Why The 14th Amendment?
After the Civil War, the United States needed to swiftly deal with several aspects of citizenship and the rights of citizens. Three amendments were ratified in July of 1868 and were collectively known as the “Reconstruction Amendments”. The 14th Amendment was intended to protect the rights of formerly enslaved people, but has continued to play a role in constitutional politics.
In response to the Emancipation Proclamation by Abraham Lincoln, the first step to free slaves, and The 13th Amendment, which freed slaves, some Southern states enacted laws known as “Black Codes”. These “Black Codes” targeted recently freed slaves and restricted their ability to travel widely, own certain types of property and-or to bring lawsuits to courts. The “Black Codes” often also allowed former slaves to be jailed for inability to repay debts and for those owing debt to be leased to private businesses for labor to repay debt.
The Goal to Enforce
One of the goals of the 14th Amendment was to reinforce The Civil Rights Act of 1866, which ensured that all persons born in the United States were citizens and thus given the full benefit of all laws to protect their rights. The Civil Rights Act of 1866 also protected all civil rights of all citizens, including the right to sue, make contracts, purchase or sell property. But, it was unforeseen that The Civil Rights Act of 1866 would end up, by not specifically listing these rights, fail to protect the ability to vote, run for office, have equal access to schooling and other public accommodations. The omission of those additional protections was done to avoid then President Andrew Johnson’s veto.
Johnson did veto the Act, but the Republican-controlled Congress overrode his veto and immediately began to work on Amendment 14. The Republican-controlled Congress, fearing President Johnson and Southern politicians would undo the protections of The Civil Rights Act of 1866, quickly cleared the 14th Amendment and made ratifying it a condition for Confederate States to be readmitted to the Union. The amendment was declared to be formerly ratified by the states on July 28, 1868.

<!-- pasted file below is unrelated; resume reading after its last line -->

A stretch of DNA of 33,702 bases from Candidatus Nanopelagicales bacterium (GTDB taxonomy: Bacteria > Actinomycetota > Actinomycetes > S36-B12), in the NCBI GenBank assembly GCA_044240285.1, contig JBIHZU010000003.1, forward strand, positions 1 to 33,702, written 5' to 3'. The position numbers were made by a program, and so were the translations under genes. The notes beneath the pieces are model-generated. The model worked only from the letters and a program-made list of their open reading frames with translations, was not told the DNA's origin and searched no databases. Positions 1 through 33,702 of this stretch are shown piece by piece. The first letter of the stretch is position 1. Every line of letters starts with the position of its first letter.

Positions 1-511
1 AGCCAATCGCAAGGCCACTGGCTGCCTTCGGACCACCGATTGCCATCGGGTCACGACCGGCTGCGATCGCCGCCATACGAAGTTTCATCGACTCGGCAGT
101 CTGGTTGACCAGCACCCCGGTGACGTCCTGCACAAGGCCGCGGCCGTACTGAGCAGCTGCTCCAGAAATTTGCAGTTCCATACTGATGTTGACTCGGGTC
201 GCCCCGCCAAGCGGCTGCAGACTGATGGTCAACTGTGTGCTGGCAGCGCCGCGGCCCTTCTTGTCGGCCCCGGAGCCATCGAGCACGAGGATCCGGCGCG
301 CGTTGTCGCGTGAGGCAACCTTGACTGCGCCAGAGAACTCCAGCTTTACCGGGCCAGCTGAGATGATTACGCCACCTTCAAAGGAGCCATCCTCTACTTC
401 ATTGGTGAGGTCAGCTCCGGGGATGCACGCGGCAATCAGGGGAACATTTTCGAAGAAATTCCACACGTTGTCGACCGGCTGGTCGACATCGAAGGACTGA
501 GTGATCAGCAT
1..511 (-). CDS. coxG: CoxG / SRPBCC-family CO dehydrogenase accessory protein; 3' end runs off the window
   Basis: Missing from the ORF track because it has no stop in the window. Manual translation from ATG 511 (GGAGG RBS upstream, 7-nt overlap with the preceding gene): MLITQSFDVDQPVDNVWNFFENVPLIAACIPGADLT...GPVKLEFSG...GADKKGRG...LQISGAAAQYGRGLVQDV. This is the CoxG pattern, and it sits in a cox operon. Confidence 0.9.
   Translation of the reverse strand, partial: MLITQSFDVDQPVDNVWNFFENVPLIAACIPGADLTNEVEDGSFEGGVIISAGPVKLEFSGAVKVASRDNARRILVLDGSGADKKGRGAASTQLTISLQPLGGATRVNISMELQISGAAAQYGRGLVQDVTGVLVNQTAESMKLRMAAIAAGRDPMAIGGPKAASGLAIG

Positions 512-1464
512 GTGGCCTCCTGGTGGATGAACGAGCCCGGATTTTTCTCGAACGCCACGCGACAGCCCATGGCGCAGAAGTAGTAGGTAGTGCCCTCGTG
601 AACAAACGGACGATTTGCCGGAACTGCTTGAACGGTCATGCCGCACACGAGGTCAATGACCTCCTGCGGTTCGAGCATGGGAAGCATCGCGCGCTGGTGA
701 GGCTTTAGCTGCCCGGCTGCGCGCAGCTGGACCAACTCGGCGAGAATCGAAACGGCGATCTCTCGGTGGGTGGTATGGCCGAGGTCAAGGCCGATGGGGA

The 14th Amendment in Brief:
The 14th Amendment to the U.S. Constitution, ratified in 1868, granted citizenship to all persons born or naturalized in the United States—including former enslaved people—and guaranteed all citizens “equal protection of the laws.” One of three amendments passed during the Reconstruction era to abolish slavery and establish civil and legal rights for Black Americans, it would become the basis for many landmark Supreme Court decisions over the years.
In its later sections, the 14th Amendment authorized the federal government to punish states that violated or abridged their citizens’ right to vote by proportionally reducing the states’ representation in Congress, and mandated that anyone who “engaged in insurrection” against the United States could not hold civil, military or elected office (without the approval of two-thirds of the House and Senate).
It also upheld the national debt, but exempted federal and state governments from paying any debts incurred by the former Confederate states.
Amendment Fourteen’s vital role
Prior to the 14th, states were free to ignore the Bill of Rights; a series of Supreme Court rulings made it clear that the Bill was to apply to acts of the Federal Government only. With the establishment of the 14th, the Bill, or at least parts of it, is made to apply to state law, too. This clause has resulted in some good law, such as the Voting Rights Act. But States’ Rights proponents are opposed to the Amendment in parts and/or as a whole.
The Supreme Court, at first, did not allow the Due Process clause to be used to expand individual liberties (1870’s and 1880’s). Eventually, though, it was used to protect more than just former slaves. In the 1900’s and 1930’s, it extended the clause to the protection of workers against state regulations, allowing national standards for work conditions and minimum wage to be set. The due process clause has been used to extend the Bill of Rights Amendments to all Americans.
The Civil Rights Act of 1875